The same principles apply to your oven – built-in temperature sensors inside the compartment constantly check to see whether the temperature is above or below the desired level. If things are too warm or too cold, it’ll adjust the power going to the heating elements. Similar arrangements exist in other appliances where temperature needs to be controlled – including fridges, air-conditioning units, the nozzle on your 3D printer, the tip of your soldering iron and the CPU on your computer.
Of the components we’ve mentioned, a thermistor is by far the most accurate.
In a thermocouple, the actual sensor is shielded, leaving only the metal arms to which it’s attached exposed to higher temperatures. As such, it’s a great choice for high-temperature situations.
Pretty much all temperature sensors put out an analog current; you’ll need to use an ADC to turn their outputs into a useable digital value.
If you’re measuring very rapid changes in temperature, then you need an accordingly fast response time. In this respect, thermistors and thermocouples come out on top; they’re able to respond within just a few hundred milliseconds, while an RTD might take ten times longer or more.
As with temperature, there are several electronic means of measuring distance. For the most part, they work in a similar way: by putting out an impulse and examining the return signal for changes, much like echolocation.
These sensors use the Time of Flight (ToF) principle, and calculate distance using the following equation:
LIDAR (or light-detection and ranging) uses a laser to send a stream of pulses toward a distant target. The delay between the impulse and the reflection arriving back at the sensor,along with the speed of light (which is 299,792,458 metres per second) can be used to work out the distance using the equation above. By doing this thousands of times a second in multiple directions, it's possible to generate a three-dimensional image of the area. In this way, very detailed and accurate maps can be created without the need for an on-site survey team. Lidar can generate images of crime scenes for later study by forensic scientists, detect the speed of passing vehicles, and even generate terrain data for use in video games.
Ultrasonic sensors do the same thing using high-frequency sounds rather than light. They pair an ultrasonic emitter with a miniature microphone designed to detect the reflections. They don’t draw much current, but the information they provide is of a low resolution and refresh rate. And, naturally, they’re able to operate in the dark. In this case, distance is calculated using the ToF equation with the speed of sound travelling through air. Given that this varies according to things like humidity, pressure and temperature, ultrasonic sensors aren't quite as accurate as LIDAR - particularly over long distances.
We’ve used the HC-SR04 ultrasonic sensor in our Arduino-based air-gate project. It’ll detect whenever a drone passes close by, and change color accordingly. Perfect for practicing your piloting skills!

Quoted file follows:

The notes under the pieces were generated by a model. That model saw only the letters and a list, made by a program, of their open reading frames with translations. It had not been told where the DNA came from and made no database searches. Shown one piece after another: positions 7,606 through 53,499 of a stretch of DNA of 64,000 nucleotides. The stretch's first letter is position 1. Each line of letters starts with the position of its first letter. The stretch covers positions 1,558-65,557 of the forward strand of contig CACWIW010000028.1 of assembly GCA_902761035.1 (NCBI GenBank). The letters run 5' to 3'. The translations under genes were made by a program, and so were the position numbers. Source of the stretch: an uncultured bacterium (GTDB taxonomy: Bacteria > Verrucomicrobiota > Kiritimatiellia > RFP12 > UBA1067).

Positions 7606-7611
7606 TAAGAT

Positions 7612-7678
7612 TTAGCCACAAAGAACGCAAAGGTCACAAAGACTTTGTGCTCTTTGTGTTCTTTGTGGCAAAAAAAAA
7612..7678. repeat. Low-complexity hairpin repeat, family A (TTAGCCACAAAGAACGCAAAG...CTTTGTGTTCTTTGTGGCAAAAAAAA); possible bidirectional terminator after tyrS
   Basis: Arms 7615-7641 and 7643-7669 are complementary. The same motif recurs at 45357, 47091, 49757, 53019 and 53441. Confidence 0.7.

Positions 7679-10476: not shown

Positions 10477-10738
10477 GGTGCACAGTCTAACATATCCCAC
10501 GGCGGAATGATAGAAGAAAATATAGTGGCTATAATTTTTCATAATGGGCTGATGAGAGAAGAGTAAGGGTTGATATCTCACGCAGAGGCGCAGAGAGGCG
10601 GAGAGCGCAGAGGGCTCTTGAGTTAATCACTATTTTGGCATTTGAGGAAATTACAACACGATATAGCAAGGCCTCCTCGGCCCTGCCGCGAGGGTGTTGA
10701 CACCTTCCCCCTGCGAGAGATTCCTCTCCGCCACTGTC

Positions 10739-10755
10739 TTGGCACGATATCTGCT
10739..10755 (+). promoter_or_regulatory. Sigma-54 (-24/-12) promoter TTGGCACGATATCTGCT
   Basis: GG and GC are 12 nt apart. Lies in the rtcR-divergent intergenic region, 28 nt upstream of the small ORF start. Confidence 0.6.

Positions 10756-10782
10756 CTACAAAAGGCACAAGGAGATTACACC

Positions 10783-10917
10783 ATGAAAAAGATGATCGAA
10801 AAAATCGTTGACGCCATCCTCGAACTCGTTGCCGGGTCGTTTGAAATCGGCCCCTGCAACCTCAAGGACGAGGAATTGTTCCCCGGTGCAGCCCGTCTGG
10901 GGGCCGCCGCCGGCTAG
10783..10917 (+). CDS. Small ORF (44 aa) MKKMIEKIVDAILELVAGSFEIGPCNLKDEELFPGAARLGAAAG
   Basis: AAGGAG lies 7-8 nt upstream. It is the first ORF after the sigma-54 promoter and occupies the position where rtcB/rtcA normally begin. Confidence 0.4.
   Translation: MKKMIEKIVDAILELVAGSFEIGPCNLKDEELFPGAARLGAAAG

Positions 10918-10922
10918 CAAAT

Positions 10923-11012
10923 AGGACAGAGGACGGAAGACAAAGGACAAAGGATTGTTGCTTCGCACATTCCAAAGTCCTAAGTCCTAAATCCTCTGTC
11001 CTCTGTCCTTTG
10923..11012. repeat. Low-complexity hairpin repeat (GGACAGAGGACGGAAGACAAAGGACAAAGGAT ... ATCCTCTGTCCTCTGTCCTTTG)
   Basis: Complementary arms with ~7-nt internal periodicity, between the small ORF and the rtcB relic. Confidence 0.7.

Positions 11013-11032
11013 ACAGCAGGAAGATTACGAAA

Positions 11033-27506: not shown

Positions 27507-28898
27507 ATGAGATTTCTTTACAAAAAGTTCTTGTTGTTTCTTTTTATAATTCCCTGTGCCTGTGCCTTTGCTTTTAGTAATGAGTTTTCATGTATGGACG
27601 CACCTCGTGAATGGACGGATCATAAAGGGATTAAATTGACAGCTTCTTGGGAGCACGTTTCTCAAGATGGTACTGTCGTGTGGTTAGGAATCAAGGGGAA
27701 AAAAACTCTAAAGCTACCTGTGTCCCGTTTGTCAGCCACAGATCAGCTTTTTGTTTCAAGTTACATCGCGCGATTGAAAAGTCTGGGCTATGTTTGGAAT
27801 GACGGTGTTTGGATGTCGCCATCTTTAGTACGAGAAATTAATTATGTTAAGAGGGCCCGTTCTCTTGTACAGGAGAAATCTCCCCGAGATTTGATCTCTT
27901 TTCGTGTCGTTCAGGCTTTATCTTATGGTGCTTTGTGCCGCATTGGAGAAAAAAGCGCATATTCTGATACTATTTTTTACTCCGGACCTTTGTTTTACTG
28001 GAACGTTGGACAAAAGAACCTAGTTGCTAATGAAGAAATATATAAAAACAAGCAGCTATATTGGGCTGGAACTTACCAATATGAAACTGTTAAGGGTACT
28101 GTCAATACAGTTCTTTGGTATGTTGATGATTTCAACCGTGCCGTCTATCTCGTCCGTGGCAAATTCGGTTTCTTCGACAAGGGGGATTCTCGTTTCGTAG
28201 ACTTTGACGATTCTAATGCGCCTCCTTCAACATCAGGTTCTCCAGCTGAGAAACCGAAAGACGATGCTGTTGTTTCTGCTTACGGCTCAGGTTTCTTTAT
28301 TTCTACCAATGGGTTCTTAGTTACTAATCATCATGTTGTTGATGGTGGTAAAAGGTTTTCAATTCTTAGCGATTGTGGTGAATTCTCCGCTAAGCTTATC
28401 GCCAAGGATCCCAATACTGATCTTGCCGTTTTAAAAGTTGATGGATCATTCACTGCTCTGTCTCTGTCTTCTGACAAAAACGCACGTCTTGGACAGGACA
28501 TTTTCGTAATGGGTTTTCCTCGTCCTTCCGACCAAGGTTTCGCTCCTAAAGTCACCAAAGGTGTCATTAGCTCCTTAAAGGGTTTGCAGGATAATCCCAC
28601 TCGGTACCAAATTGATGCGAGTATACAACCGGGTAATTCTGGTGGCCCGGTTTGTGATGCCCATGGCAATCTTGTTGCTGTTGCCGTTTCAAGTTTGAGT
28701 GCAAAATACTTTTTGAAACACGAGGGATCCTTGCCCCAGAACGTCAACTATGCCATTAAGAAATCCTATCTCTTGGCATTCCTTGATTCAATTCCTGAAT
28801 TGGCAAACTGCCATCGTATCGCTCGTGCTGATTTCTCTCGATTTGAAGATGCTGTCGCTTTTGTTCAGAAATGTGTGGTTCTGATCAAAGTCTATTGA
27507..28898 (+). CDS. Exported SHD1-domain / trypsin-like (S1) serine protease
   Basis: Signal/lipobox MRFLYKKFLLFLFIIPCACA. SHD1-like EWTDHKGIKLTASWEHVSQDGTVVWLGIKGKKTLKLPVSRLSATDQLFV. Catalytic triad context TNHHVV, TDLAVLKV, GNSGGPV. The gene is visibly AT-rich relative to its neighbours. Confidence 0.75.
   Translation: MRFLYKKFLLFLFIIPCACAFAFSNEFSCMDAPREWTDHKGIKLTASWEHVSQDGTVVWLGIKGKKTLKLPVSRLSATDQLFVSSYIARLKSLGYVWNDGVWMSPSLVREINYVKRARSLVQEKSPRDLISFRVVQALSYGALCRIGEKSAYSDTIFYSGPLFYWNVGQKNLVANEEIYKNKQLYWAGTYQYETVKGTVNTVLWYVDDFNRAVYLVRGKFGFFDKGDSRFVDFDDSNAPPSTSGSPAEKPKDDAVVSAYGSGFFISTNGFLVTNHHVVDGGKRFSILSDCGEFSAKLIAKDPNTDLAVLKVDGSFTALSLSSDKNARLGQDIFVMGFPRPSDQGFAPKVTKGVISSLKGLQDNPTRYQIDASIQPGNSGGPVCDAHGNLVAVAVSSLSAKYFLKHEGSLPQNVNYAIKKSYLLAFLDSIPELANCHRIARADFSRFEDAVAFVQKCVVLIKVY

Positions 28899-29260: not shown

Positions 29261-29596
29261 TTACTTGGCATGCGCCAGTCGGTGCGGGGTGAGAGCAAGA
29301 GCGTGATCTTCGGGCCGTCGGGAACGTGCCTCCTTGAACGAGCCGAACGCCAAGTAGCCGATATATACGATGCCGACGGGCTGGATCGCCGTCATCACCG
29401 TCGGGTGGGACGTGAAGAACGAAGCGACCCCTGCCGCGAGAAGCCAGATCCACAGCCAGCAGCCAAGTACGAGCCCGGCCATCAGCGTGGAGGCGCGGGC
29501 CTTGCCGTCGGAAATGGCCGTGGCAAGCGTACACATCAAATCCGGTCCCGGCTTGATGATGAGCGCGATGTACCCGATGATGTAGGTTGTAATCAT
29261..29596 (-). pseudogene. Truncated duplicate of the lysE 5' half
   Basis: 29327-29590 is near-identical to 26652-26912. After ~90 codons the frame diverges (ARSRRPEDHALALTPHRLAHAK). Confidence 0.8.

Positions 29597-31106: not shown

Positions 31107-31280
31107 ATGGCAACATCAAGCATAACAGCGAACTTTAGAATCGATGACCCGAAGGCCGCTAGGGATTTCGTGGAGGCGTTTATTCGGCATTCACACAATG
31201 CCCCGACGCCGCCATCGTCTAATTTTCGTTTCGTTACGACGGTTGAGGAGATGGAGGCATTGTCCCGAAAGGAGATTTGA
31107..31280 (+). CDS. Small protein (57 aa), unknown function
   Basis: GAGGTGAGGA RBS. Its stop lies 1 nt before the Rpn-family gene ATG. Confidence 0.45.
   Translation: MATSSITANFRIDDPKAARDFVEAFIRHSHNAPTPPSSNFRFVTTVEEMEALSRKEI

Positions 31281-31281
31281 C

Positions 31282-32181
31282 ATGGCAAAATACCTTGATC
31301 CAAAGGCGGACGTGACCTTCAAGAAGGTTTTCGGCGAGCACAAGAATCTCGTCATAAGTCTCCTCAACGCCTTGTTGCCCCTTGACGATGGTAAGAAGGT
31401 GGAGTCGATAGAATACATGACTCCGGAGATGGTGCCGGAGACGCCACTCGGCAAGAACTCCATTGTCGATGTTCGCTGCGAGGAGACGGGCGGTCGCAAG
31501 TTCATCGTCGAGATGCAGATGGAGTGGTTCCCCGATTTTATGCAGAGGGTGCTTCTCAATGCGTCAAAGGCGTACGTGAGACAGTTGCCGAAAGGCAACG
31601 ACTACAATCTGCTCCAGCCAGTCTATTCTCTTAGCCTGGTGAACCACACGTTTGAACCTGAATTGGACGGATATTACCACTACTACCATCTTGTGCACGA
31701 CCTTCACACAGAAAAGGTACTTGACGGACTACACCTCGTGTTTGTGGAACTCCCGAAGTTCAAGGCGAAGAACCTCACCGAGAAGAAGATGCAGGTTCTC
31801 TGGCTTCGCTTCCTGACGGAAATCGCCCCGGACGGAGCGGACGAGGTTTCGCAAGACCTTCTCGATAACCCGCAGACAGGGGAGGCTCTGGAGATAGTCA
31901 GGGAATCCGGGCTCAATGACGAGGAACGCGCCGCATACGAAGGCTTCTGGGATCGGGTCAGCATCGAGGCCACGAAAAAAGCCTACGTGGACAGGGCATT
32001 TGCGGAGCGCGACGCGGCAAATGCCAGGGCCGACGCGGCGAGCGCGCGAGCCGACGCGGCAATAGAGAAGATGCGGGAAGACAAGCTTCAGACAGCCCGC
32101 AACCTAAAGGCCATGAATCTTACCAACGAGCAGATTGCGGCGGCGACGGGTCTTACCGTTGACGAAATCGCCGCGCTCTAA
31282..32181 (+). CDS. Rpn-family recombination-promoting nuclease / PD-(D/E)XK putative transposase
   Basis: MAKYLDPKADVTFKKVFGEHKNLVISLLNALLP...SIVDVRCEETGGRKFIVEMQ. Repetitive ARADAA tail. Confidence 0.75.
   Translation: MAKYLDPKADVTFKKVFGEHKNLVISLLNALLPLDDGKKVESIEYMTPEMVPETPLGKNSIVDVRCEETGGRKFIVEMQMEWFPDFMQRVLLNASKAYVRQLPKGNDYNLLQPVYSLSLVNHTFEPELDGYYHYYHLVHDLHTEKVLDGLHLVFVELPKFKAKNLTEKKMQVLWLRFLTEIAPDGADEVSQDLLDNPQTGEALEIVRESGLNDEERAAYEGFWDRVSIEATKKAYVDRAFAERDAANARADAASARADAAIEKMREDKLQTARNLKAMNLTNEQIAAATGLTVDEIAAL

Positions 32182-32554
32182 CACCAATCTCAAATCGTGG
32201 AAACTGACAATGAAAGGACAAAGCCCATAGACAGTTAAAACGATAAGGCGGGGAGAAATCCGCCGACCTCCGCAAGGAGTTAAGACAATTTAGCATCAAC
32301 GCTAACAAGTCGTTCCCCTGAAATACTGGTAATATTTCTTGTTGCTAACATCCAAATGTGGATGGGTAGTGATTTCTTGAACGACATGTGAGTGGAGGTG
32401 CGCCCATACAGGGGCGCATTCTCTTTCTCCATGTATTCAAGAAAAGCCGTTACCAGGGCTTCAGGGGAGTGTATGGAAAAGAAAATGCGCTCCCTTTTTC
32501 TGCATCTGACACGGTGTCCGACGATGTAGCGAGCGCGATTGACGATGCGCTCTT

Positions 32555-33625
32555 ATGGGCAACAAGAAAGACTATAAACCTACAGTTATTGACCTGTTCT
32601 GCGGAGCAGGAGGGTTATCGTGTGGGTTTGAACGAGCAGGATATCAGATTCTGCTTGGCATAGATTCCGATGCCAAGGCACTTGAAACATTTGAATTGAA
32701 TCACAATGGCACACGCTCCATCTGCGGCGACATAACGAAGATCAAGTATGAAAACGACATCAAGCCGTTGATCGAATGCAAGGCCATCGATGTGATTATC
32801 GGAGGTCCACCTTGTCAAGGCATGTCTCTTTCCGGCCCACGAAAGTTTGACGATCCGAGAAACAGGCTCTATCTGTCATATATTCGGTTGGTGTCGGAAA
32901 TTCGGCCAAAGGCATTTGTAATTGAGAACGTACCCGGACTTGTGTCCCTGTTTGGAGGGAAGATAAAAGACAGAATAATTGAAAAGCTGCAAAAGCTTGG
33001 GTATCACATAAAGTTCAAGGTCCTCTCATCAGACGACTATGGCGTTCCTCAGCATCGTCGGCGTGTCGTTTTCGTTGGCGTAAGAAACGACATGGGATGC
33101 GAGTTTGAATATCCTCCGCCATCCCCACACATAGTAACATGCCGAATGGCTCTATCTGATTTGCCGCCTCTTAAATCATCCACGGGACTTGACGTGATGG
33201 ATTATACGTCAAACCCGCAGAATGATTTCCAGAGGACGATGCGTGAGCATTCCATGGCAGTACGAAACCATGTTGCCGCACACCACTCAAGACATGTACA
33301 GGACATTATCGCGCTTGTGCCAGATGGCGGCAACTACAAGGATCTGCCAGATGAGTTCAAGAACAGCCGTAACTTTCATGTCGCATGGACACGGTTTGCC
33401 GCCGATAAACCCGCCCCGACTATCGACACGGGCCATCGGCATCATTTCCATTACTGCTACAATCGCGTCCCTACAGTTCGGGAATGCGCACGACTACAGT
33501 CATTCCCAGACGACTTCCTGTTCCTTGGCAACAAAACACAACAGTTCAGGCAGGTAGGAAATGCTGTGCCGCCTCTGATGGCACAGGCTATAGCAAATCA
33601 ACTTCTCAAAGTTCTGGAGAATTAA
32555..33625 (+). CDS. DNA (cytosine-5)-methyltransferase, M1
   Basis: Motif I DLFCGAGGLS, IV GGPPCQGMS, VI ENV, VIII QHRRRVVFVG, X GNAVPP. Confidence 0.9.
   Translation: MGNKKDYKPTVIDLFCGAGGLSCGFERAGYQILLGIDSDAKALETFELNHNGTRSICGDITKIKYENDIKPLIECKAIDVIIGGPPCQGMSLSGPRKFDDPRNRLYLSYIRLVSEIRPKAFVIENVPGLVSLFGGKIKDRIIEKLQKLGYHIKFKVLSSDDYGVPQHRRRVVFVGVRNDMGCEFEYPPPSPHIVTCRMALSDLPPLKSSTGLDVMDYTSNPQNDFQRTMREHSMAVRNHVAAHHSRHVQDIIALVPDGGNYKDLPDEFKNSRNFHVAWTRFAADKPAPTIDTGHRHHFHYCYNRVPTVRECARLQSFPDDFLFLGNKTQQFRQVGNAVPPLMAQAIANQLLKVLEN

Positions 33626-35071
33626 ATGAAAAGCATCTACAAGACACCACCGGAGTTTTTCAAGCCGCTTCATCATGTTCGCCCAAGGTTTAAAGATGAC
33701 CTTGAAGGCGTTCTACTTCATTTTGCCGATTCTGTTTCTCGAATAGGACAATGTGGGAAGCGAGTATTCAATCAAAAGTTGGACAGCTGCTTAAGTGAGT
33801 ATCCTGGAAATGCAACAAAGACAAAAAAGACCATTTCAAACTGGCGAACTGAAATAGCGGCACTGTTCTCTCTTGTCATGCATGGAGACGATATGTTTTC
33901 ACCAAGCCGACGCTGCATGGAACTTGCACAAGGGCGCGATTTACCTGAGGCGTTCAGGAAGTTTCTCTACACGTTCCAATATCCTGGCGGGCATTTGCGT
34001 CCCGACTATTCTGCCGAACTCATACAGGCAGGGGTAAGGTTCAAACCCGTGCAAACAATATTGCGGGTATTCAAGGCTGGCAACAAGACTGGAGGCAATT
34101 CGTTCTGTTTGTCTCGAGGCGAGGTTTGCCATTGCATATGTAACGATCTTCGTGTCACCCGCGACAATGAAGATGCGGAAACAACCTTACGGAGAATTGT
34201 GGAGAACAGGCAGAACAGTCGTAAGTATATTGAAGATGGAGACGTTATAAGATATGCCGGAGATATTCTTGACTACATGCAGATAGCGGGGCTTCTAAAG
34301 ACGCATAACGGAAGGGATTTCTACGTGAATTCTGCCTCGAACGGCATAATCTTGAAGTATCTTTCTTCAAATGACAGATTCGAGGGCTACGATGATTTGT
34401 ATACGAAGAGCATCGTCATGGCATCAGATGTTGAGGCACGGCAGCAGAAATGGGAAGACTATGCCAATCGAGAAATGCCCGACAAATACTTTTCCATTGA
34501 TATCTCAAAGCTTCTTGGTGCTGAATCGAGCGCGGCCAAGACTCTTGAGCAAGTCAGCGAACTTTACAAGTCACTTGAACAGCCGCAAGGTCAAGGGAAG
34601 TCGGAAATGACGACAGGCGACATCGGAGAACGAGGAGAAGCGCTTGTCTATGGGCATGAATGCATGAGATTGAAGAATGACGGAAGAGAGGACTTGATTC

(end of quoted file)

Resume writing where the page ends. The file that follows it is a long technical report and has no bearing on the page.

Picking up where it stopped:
Infrared LED sensors work using light-emitting diodes. Their maximum range is pretty limited. As such, they’re ideal for measuring very short distances. A great example would be in 3d printing, where an LED sensor is used to measure (and compensate for) minute changes in the distance between the print-surface and the print-head.
Hall effect sensors put out a voltage depending on the surrounding magnetic field, thereby exploiting a principle discovered by Edwin Hall in the late 19th century. Hall effect sensors are widespread in certain sorts of switches, which have a tiny magnet built into the underside of a key.
One of the advantages of hall-effect sensors is that they don't require physical contact between the parts of the switch. This drastically reduces mechanical wear-and-tear. For this reason, you can find hall effect sensors in many applications, from limit switches in 3d printers, to bicycle speedometers.
If you’d like to get to grips with Hall-Effect sensors and what they can do, then be sure to check out our hall-effect-powered gift box.
Our first consideration should be where the component will be used. There’s a considerable potential for overkill, here; you don’t need LIDAR to know when someone’s passed through a door.
LIDARs and IR LED sensors offer excellent precision at long and very close range, respectively.
LED and hall effect sensors are good for short distances. If you want to measure across an entire room, an Ultrasonic or LIDAR sensor is probably appropriate.
The average LIDAR is bigger than an Arduino, and thus makes a poor match for very compact projects, where LED and Hall Effect sensors thrive.
Ultrasonic and Hall Effect sensors are the most power-efficient we’ve listed, here, while LIDAR sensors are the least.
Okay, so temperature and distance are more or less self-explanatory. But what exactly is MEMS? Well, it’s an acronym that stands for Micro-ElectroMechanical System. It covers tiny, fabricated machines, some of which are smaller than a micron wide. These machines form the basis of the accelerometers, gyroscopes and magnetometers which allow your phone to understand how many steps you’ve taken in a given day, for example.